Use and auto-entered serial number field to auto-enter a serial number.
Anytime you need to display that value on a layout where you need the leading zeroes, use a calculation field to add in the leading zeroes:
Right ( "000" & SerialNumberField , 4 )
But do you really mean that you want a string that is 400 characters in length or an ID number with a maximum value of 400?
Thank you so much, Phil, for your kind response!
The only thing though, is that I don't think the Layout approach will work. The users want to have two ID fields, one with a 4 character maximum, and the other with a 3 character maximum and then a final ID that would add the two together. So, the first patient, would have the first ID field as 0001 and the second ID field as 001 and their final ID field as 0001001. I hope what I'm describing makes sense... thank you so much again!
What you describe now does not match your original post.
Can you explain why they need two ID fields to be combined like this?
You may need such a field to support existing systems, but save yourself a lot of trouble by not using any of these ID's as the primary key for linking records in relationships. Keep such a field as a data field in the patient table so you can display it where needed but just don't use it as a match field in your main relationships.
What I described was for a single ID, you can use the same method twice to get two ID's, one with up to 3 leading zeroes and one with up to two. But if the first patient is to be identified as: 0001001, what value is assigned to the second? 0001002 or 0002002?
Sorry, Phil, for not describing it better in my first post.
I walked into the project and that was what they had decided, they need a primary key that's made up of appending these two other ID fields (one which has a max of four numbers and the other three numbers, both being auto-generated numbers.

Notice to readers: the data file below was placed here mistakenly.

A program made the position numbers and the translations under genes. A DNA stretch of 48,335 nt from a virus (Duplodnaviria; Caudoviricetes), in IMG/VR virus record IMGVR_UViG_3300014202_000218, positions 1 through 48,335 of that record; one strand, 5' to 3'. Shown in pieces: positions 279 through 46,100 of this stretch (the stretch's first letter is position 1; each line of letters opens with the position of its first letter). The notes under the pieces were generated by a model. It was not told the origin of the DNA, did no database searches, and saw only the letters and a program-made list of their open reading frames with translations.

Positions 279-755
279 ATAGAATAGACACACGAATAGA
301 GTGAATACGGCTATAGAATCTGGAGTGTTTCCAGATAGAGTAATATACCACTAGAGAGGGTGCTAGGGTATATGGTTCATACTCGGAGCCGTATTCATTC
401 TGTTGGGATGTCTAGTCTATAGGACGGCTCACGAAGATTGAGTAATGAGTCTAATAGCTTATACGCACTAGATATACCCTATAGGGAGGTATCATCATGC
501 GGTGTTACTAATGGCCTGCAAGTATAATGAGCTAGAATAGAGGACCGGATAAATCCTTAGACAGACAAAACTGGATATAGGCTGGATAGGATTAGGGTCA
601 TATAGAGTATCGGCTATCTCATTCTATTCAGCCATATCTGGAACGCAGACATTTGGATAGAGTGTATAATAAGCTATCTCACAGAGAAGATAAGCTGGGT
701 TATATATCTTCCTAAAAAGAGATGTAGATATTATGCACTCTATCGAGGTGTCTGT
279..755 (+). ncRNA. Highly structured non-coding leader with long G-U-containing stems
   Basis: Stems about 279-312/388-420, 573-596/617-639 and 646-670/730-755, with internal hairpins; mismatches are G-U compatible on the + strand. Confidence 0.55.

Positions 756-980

The value to the second person would be 0002002. This 0002002 number would be the primary key that other tables would link to.
Is that possible?
It's very weird but quite possible, but I strongly, strongly advise that this NOT be the actual primary key in your database design. Put it where they can find and use it so it looks like it's the primary key and use a simple auto-entered serial number as the real primary key.
Take what I posted before and do it twice:
Right ( "000" & SerialNumberField , 4 ) & Right ( "00" & SerialNumberField , 3 )
But you should ask them what value should be shown for Patient number 1000 as this numbering scheme will fail with the 1000th record.
Why is it bad to use this number that's generated by appending two other numbers as a primary key?
The ideal primary key should be:
- Never ever changed once a value is assigned to a new record
- devoid of any "encoded meaning"
- As simple and "bullet proof" as possible
This ID fails requirement number 4 and may fail requirement number 3. (We still don't know why they want such an odd format...)
As I have already pointed out, the proposed numbering system has a built in failure point once you have more than 999 records in your table.
A common solution that keeps users happy is to put such ID values in field in the parent table so that it can be shown on any layout where data from the parent table can be shown--enabling users to use this field to search out records and for sorting records in reports, but not using it as a Primary key for use in relationships. Then, should a situation develop where the value or its format needs to be changed, changing the value is a simple data entry task that does not affect the function of your relationships.